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CRS – Private Activity Bonds: An Introduction – Private Activity Bonds: An Introduction June 9, 2006 – July 13, 2018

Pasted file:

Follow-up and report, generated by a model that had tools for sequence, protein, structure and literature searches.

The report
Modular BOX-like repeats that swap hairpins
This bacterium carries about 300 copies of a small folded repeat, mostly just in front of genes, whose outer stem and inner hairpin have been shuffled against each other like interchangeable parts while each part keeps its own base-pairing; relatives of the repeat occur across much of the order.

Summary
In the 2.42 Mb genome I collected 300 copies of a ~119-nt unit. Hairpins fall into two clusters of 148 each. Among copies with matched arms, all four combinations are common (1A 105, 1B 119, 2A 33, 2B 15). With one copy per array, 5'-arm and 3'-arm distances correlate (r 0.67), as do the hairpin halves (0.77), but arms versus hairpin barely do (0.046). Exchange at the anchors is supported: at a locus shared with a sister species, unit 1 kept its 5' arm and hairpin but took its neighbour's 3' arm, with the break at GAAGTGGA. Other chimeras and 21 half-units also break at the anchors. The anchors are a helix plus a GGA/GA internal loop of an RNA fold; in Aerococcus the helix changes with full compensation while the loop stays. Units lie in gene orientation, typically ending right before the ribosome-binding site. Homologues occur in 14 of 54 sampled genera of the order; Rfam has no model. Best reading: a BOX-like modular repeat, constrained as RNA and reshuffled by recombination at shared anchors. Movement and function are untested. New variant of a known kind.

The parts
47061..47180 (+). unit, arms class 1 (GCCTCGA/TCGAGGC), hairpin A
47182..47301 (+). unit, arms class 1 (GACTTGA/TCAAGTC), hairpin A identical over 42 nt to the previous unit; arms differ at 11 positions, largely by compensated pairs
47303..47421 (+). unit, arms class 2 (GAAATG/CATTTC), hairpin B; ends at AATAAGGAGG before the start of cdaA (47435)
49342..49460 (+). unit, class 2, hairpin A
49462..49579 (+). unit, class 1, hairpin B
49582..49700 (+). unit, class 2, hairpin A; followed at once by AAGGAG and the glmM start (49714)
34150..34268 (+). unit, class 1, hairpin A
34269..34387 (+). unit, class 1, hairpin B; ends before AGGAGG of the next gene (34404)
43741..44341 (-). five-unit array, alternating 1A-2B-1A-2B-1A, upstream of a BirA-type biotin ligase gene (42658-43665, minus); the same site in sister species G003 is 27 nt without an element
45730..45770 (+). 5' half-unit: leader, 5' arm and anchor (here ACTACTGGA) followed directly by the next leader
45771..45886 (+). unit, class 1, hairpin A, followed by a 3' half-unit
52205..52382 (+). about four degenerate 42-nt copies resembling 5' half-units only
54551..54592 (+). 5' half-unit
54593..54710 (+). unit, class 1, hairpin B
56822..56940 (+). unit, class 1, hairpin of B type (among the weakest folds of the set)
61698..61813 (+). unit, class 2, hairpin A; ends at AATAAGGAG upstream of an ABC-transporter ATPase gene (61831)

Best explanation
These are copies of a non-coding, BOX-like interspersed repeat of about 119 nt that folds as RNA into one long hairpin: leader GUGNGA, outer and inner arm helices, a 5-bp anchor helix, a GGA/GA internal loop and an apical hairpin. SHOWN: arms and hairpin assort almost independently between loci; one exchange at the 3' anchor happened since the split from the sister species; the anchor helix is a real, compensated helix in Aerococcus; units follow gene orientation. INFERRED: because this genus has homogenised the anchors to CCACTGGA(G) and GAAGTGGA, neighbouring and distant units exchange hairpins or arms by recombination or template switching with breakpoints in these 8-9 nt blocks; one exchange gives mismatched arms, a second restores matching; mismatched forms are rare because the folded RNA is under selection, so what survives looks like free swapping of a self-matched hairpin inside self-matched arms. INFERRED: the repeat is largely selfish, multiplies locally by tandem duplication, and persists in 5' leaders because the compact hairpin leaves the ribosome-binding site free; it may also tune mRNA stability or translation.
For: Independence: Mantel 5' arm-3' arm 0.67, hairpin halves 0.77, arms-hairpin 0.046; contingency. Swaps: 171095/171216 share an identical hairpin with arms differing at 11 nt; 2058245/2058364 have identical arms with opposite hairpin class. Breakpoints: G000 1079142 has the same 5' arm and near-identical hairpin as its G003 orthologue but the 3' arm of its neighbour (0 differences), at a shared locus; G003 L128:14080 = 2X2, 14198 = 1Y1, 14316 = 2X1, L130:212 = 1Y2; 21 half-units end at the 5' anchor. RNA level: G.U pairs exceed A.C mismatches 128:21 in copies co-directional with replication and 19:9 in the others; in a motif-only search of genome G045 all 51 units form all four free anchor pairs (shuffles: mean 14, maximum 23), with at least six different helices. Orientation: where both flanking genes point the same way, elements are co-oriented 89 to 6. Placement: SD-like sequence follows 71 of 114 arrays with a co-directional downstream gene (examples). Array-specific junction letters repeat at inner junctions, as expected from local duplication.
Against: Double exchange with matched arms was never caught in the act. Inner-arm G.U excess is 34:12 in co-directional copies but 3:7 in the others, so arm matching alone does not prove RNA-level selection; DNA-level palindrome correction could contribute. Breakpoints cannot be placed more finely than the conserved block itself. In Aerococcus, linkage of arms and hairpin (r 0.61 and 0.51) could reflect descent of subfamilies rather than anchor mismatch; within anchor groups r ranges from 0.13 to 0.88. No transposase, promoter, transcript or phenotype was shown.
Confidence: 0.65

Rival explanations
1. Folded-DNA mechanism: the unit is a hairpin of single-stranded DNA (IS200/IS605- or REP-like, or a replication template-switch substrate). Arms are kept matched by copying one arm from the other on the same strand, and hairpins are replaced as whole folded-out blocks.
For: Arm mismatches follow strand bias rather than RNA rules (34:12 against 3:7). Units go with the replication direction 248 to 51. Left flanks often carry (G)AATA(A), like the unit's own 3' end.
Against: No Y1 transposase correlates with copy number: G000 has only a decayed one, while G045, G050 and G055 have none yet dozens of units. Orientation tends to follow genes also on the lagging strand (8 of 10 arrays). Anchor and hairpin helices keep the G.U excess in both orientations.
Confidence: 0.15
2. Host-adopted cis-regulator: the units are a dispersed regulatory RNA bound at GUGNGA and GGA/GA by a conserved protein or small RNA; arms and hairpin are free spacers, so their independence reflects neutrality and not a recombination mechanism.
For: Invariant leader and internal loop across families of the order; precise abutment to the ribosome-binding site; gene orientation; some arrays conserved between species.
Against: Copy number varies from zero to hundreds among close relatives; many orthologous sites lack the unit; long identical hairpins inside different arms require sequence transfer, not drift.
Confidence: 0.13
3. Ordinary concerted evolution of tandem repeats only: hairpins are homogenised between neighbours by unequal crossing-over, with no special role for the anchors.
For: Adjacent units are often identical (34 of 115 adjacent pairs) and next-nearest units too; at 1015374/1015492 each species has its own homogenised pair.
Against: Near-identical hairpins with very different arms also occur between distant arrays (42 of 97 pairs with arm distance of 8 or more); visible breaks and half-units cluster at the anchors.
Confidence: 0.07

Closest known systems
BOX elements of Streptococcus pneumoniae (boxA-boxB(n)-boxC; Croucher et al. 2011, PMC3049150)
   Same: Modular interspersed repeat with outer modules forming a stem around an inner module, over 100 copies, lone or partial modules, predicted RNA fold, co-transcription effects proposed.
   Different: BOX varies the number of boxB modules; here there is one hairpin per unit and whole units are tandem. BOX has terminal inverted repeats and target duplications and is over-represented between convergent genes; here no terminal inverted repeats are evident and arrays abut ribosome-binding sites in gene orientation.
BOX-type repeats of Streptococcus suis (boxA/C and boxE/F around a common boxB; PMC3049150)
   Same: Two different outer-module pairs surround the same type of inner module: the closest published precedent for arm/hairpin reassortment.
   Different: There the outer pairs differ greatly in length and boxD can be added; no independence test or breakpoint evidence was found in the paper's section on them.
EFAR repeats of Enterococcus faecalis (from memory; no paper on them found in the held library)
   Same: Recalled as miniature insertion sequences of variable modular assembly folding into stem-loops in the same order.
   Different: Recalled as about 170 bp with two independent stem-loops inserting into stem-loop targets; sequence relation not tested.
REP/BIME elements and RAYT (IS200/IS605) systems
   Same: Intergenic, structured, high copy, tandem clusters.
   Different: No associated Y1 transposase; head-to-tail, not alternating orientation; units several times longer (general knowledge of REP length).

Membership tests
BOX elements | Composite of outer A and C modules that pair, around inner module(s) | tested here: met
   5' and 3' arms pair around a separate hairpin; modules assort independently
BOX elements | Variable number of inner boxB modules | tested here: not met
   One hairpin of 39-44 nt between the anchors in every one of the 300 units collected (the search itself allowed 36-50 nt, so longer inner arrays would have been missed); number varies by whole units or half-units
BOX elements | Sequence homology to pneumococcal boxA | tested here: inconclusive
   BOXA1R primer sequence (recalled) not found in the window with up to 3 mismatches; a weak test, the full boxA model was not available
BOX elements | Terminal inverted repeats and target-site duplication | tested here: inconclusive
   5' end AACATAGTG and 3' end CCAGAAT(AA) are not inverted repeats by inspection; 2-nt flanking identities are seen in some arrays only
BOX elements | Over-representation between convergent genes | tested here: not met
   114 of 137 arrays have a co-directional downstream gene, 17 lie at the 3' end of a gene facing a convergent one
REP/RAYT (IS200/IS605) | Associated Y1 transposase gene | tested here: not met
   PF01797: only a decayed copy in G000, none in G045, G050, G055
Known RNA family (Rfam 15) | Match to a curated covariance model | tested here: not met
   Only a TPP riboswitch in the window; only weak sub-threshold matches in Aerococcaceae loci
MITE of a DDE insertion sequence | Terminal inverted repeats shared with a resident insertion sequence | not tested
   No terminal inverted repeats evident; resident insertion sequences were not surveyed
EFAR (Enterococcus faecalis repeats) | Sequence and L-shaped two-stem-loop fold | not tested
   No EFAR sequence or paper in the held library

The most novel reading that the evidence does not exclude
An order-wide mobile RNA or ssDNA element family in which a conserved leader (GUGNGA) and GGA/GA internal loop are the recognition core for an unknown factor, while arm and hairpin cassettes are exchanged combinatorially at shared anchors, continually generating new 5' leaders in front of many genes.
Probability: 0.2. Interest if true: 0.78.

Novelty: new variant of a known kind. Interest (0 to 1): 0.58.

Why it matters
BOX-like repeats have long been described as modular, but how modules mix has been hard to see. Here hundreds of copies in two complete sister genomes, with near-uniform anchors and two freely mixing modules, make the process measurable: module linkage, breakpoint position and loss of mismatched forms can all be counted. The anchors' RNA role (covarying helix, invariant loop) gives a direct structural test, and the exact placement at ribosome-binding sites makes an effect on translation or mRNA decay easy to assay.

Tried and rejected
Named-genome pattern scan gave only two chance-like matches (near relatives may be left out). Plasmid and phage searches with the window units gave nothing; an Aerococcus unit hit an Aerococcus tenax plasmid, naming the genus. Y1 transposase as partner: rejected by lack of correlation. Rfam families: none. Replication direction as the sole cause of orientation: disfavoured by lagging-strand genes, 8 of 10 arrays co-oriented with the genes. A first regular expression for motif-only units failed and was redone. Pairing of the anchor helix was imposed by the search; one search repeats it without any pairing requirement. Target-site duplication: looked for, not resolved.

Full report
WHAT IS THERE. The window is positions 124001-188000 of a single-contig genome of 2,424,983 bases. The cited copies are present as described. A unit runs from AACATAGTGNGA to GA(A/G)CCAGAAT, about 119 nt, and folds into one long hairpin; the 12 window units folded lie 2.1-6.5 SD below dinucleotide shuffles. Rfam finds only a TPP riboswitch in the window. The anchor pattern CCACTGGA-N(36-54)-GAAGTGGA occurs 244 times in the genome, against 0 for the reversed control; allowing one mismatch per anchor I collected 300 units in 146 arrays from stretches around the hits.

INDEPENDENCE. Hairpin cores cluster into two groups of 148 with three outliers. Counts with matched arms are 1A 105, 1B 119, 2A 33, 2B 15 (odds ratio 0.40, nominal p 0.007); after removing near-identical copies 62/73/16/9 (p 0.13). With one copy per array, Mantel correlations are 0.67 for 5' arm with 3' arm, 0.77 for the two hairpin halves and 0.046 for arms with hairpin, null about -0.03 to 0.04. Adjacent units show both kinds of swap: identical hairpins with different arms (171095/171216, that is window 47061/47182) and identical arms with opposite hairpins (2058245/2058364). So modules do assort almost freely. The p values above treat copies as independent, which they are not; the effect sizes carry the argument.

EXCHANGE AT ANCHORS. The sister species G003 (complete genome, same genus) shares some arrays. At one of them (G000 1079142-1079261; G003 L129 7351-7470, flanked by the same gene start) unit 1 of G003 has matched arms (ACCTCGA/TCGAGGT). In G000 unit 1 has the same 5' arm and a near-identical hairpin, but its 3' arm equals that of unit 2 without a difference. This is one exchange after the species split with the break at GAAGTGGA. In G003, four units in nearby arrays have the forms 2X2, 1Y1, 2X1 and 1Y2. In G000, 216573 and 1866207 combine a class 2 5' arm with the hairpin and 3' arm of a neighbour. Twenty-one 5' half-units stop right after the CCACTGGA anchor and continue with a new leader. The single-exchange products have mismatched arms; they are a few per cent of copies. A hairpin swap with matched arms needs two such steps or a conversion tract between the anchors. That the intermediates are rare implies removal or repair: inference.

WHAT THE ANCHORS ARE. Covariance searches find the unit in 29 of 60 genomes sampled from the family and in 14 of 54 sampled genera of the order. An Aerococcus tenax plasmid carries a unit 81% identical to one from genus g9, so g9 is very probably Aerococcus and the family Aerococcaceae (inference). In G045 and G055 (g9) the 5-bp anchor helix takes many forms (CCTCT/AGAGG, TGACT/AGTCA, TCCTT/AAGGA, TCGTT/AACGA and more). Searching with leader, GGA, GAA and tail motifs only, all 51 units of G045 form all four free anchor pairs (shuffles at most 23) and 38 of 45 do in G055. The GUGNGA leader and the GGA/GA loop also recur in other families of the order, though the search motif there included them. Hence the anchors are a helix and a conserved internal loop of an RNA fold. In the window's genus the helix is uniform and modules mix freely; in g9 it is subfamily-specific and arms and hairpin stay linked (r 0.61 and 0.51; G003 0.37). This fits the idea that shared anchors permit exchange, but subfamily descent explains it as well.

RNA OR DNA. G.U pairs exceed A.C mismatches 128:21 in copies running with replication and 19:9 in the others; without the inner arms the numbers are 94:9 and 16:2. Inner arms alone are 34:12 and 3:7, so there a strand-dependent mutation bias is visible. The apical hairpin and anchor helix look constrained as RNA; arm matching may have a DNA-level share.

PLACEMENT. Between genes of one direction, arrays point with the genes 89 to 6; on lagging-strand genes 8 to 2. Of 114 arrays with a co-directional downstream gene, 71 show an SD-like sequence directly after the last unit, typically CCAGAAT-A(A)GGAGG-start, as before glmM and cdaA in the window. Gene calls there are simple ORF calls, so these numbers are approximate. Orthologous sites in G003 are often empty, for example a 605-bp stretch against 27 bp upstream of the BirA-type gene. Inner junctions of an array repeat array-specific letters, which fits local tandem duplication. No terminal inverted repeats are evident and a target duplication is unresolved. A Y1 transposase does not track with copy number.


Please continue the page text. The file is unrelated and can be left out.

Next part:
“The federal tax code classifies state and local bonds as either governmental bonds or private activity bonds. Governmental bonds are intended for governmental projects, and private activity bonds are for projects that primarily benefit private entities. Typically, the interest earned by holders of governmental bonds is exempt from federal income taxes. The federal tax code allows state and local governments to use tax-exempt bonds to finance certain projects that would be considered private activities. The private activities that can be financed with tax-exempt bonds are called “qualified private activities.” Congress uses an annual state volume cap to limit the amount of tax-exempt bond financing generally and restricts the types of qualified private activities that would qualify for tax-exempt financing to selected projects defined in the tax code. The economic rationale for the federal limitation on tax-exempt bonds for private activities stems from the inefficiency of the mechanism to subsidize private activity and the lack of congressional control of the subsidy absent a limitation. This report explains the rules governing qualified private activity bonds, describes the federal limitations on private activity bonds, lists the qualified private activities, and reports each state’s private activity bond volume cap. Since private activity bonds were defined in 1968, the number of eligible private activities has been gradually increased from 12 activities to 27. The state volume capacity limit has increased from $150 million and $50 per capita in 1986 to the greater of $311.38 million or $105 per capita in 2018. Because of the $311.38 million floor, many smaller states are allowed to issue relatively more private activity bonds (based on the level of state personal income) than larger states. Also, more recent additions to the list of qualified activities have been exempt from a state-by-state cap and subject to a national aggregate cap.”

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